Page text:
Motorola SLVR L7
“The SLVR's iTunes interface pretty much parallels the iPod's; but the SLVR is certainly no iPod.”
- iTunes-compatible cell phone that's even better looking than the RAZR
- Low iPod Shuffle-like capacity; poor earbuds; exposed and vulnerable surface and screen
There’s been a lot of hub-bub about Apple creating an Apple branded iTunes phone. But Jobs and company have held off, probably because Motorola is swimming at that cell phone end of the iPod pool, first with the poorly received ROKR E1 and now with the higher-profile SLVR L7, which is available through Cingular for $199.99 with a two-year contract. On its glitzy surface, SLVR is a vast improvement over the ROKR. But despite its impressive Nano-meets-RAZR looks, the SLVR suffers from many of the same music-centric limitations as the ROKR — a 100-song capacity, slow song transfer, mono Bluetooth and ill-fitting headphones using an unusual mini-USB jack. Motorola is admittedly hampered somewhat by Apple-imposed capacity constraints, but Motorola has only itself to blame for some of SLVR’s other missed opportunities, which include the lack of a megapixel digital camera. But just how handicapping are these limitations? For most users, probably not very. With few other iTunes/cell phone options, the SLVR’s mere existence diminishes its many drawbacks. In other words, it’s the only game in town.
Features and Design
Its metallic Nano-like looks are what will attract buyers to the SLVR. Pitch black with the now-familiar RAZR etched keypad glowing with a bright ice blue backlight and a vivid 2-inch screen (a half inch larger than the Nano’s), the SLVR (4.5 x 1.9 x 0.45 inches, 3.5 ounces) is about half the size of the Nano (3.5 x 1.6 x 0.27, 1.5 ounces), which makes it seem a bit more substantial than Apple’s music-only player. Of course for $199 you get 500-song capacity with a Nano, vs. only 100 songs on the SLVR.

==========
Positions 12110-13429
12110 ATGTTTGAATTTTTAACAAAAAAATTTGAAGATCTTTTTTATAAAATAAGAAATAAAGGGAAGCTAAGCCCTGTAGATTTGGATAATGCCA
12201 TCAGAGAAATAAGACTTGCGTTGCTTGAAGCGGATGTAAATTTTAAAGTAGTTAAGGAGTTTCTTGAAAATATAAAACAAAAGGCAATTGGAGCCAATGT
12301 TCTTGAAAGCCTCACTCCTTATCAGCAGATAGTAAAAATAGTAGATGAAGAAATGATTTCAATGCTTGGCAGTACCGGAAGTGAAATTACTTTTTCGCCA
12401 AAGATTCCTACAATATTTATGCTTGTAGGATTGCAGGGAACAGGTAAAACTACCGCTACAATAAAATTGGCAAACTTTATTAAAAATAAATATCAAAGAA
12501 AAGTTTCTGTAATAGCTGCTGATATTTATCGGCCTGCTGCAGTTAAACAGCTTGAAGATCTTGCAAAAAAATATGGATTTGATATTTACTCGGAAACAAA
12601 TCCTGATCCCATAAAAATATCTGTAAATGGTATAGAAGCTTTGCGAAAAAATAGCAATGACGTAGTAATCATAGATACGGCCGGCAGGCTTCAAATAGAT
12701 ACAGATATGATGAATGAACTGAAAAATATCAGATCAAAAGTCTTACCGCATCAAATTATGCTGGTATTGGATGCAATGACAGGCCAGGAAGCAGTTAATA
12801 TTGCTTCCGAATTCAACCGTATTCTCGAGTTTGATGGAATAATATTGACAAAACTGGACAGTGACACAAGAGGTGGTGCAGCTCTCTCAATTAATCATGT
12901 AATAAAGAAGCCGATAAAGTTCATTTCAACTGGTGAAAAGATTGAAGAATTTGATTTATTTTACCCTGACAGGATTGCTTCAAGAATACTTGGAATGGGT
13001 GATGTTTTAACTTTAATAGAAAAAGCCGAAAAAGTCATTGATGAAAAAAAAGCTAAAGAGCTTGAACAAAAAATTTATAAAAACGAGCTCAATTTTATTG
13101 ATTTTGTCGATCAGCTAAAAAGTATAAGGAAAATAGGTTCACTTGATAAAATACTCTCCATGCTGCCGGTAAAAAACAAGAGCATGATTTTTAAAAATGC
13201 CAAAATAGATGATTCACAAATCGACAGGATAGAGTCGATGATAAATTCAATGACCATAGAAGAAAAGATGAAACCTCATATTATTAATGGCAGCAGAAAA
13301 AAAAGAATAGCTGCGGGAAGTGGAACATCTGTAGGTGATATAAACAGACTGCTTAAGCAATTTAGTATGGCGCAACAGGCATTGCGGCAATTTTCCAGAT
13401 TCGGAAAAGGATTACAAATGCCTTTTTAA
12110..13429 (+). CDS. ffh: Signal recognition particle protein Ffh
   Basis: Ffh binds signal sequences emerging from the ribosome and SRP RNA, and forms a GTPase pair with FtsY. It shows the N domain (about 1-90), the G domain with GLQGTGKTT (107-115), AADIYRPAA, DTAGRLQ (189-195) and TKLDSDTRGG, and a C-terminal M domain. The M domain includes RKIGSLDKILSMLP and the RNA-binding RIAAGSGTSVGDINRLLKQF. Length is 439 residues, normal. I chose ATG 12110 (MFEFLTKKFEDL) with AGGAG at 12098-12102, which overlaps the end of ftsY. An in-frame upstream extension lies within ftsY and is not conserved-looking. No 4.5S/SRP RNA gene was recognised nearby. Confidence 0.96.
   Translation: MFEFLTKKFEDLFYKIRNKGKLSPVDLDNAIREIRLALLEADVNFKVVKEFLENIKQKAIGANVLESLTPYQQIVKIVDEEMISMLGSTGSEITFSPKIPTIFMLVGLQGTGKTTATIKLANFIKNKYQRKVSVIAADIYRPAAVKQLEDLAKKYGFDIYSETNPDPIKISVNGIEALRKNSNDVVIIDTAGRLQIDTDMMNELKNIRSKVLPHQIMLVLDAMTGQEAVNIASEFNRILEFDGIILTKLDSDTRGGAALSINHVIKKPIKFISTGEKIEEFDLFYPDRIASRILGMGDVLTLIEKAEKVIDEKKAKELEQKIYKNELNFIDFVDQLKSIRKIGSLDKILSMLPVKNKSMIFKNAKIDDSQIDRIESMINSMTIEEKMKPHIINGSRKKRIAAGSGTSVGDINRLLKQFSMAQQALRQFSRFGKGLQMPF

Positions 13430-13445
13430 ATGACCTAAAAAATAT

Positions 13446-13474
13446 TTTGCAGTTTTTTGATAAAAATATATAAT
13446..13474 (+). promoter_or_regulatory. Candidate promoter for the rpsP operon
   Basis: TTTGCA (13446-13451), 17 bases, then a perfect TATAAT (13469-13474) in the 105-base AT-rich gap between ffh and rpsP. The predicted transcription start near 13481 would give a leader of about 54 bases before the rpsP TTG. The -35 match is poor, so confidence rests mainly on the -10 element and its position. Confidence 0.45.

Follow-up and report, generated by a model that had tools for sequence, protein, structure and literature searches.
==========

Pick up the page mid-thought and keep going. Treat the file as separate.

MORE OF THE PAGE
But just how “limiting” are the SLVR’s features? Its 100-song capacity, when compared with even the $69 Shuffle’s 120 song space, seems miserly bad. But at an average of three minutes per song, 100 songs equals around five hours of music, which ought to be plenty for daily commutes, exercise sessions and local trips to the market.
The SLVR includes a pre-installed 512 MB Micro SD card that will store your iTunes songs, Bluetooth capabilities, Cingular EDGE compatibility, a VGA digital camera, AOL, Yahoo! and ICQ instant messaging and built-in stereo speakers. However, the SLVR’s Bluetooth does not include A2DP (Advanced Audio Distribution Profile), necessary to stream stereo music to the growing number of stereo Bluetooth headphones. Included with the SLVR are standard wired stereo earbuds with an in-line microphone. A USB cable for PC connectivity also is supplied.
As an EDGE phone, the SLVR connects to the Web and to the Cingular MEdiaNet store for ringtones, games, wallpapers and application downloads; there’s a soft MEdiaNet link on the splash screen, along with a direct iTunes access soft key. However, even though the SLVR is an iTunes phone, there is no connectivity to the iTunes site to download tracks. That feature may have to wait until Apple produces its own iTunes phone.
Oddly, the SLVR lacks the usual spate of helper apps such as a calendar, calculator and alarm clock. But there is an Airplane mode that turns off the wireless so you can use the SLVR just as a music player.